Interboro is a New York City-based research and design group founded in 2002 by Tobias Armborst, Daniel D’Oca, and Georgeen Theodore. Through writing, teaching, and professional practice, Interboro engages with the complexity of the contemporary city. The firm has won many awards for its projects, including the New Practices Award from the AIA New York Chapter, and the Architectural League’s Young Architects Award. Its work has been exhibited at the Netherlands Architecture Institute, Walker Art Center, Museum of Contemporary Art Leipzig, Museum of Contemporary Art Detroit, Center for Architecture, the Storefront for Art and Architecture, and the German Architecture Museum.

October 5: Steven Heller, “Born Modern: Alvin Lustig, Designer”

In this lecture Steven Heller reflects on Alvin Lustig’s prolific but tragically brief design career and the extent to which it epitomized the working processes, identity and preoccupations of the 20th century graphic designer. Through his genre-defining book jackets, magazines, interiors and textiles, Lustig brought the principles of modern art to bear on mid-20th century American design, and created a magnificent body of work before his untimely death in 1955 at the age of 40.

Steven Heller is author and editor of over 130 books on graphic design, satiric art and popular culture. He is co-founder and co-chair of the MFA Designer as Author program at SVA, and co-founder of the MFA Design Criticism, MFA Interaction Design, MFA Social Documentary Film and MPS Branding Departments. He writes the Visuals column for The New York Times Book Review and “Graphic Content” for the T-Style/The Moment blog. One of his most recent books is Born Modern: The Life and Design of Alvin Lustig (Chronicle Books, 2010) with Elaine Lustig Cohen.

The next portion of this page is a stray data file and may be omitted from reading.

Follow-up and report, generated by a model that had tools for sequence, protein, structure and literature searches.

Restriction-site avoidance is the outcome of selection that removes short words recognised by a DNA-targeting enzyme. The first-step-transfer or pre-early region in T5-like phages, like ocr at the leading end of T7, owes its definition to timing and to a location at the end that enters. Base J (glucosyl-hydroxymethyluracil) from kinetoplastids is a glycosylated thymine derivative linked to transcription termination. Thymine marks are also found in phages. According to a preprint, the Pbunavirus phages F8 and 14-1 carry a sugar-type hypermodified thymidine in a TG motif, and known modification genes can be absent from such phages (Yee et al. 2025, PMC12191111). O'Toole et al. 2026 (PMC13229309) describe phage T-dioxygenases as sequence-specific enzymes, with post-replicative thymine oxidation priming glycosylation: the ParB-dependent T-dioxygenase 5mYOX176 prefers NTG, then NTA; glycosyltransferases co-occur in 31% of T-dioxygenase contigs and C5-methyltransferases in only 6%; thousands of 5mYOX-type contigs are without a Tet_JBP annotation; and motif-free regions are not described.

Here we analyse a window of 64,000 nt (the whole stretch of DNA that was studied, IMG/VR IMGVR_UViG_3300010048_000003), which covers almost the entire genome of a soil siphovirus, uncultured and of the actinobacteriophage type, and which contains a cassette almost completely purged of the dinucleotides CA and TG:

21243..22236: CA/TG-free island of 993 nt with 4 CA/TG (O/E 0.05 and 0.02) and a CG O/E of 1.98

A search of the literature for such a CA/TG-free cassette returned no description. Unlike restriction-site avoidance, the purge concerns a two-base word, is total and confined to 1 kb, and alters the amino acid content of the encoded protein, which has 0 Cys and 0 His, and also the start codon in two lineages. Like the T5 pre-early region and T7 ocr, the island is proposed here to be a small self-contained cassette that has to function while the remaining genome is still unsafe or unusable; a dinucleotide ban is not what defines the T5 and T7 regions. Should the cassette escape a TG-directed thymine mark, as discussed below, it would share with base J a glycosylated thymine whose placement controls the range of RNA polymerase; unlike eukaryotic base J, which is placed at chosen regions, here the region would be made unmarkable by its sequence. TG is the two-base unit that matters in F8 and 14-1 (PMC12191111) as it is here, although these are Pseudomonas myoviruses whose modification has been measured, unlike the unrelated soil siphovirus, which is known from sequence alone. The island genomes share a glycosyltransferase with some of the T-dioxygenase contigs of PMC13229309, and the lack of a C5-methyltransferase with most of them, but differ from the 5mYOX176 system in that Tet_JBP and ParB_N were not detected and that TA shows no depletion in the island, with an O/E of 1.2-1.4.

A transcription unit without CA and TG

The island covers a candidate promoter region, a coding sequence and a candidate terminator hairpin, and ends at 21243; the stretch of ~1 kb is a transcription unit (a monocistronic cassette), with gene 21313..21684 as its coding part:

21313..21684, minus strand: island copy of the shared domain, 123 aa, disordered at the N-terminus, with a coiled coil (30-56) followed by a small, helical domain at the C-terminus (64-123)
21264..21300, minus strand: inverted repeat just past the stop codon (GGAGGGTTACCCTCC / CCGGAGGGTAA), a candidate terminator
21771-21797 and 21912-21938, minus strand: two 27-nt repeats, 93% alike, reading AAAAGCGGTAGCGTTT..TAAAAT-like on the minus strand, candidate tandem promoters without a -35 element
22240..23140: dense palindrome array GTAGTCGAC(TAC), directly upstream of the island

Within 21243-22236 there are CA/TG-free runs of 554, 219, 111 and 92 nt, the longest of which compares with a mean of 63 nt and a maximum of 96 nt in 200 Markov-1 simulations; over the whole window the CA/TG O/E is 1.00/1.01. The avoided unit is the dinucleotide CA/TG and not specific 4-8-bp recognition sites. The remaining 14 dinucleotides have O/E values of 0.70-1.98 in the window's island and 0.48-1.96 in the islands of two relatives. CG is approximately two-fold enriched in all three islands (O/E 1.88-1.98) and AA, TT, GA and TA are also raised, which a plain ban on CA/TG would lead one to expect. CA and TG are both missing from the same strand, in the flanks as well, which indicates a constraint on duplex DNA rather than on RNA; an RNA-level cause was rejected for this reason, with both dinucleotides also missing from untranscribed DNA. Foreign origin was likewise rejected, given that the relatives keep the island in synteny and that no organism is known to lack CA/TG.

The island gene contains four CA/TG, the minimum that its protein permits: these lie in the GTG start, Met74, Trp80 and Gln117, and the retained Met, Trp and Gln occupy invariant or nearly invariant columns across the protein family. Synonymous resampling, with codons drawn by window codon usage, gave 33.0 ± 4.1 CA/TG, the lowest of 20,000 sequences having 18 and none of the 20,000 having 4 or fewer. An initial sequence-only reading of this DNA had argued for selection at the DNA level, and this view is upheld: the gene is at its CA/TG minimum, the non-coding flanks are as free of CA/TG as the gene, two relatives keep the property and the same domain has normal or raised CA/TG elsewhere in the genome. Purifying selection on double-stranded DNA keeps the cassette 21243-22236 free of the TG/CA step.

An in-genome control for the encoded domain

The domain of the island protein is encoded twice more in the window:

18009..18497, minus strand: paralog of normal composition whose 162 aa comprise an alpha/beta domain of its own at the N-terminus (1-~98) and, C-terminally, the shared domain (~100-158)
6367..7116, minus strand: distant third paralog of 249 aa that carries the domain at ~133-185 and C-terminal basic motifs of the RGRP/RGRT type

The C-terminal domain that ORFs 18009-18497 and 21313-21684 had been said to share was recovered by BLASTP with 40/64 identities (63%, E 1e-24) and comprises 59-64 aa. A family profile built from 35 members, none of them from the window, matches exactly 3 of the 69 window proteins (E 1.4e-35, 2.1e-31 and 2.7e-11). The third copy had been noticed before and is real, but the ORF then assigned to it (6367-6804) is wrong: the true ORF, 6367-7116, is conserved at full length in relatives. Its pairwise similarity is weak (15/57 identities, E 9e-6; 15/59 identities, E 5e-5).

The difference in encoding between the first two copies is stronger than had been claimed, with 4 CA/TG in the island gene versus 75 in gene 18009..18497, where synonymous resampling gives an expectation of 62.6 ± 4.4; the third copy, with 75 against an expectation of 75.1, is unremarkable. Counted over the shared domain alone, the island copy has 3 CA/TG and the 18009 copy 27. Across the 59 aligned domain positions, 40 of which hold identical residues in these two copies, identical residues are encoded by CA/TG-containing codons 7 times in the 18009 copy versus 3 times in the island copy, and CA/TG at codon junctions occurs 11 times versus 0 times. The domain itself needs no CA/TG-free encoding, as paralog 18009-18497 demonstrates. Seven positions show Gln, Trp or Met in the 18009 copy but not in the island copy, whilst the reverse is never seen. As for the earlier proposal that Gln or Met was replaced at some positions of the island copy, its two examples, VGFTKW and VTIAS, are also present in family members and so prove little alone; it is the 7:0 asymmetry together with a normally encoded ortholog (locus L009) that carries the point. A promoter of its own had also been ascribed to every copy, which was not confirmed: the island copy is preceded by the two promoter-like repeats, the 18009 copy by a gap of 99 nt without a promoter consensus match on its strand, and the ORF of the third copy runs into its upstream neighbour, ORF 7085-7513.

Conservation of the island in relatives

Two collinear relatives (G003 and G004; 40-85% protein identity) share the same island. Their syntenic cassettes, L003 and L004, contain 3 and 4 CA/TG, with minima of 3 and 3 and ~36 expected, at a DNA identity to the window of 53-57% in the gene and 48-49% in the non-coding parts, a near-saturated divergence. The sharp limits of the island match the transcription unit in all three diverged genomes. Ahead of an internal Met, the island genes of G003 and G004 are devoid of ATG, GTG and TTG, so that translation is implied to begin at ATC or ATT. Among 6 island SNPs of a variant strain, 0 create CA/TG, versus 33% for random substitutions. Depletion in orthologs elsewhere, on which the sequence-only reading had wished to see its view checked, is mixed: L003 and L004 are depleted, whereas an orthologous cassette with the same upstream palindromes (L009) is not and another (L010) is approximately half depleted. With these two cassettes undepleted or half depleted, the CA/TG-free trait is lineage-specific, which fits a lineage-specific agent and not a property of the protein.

October 12: Felicity D. Scott, “Non-Communication: Bernard Rudofsky and the Empire of Signs”
This lecture will revisit Austrian émigré architect Bernard Rudofsky’s reflections on questions of legibility in architectural form and graphic design during the 1950s, or more specifically his thoughts on how they might be pushed to the limits of their functionality. Emerging in the context of his encounter with modernity in Japan, Rudofsky imagined prospects for an entropic paradigm of communication breakdown, articulating possibilities for a visually unstable, disorienting and multiplicitous environment of signification.

Felicity D. Scott is director of the program in Critical, Curatorial and Conceptual Practices in Architecture (CCCP) at the Graduate School of Architecture, Planning and Preservation, Columbia University. She is a founding co-editor of Grey Room, a journal of architecture, art, media, and politics published quarterly by MIT Press since Fall 2000. Her book, Architecture or Techno-Utopia: Politics After Modernism, was published by MIT Press in 2007, and Living Archive 7: Ant Farm, appeared on ACTAR Editorial in May 2008. Her book on Rudofsky, entitled Cartographies of Drift: Bernard Rudofsky’s Encounters with Modernity is nearly complete and her subsequent book-project, Outlaw Territory, investigates architecture’s relation to “human unsettlement” and territorial insecurity.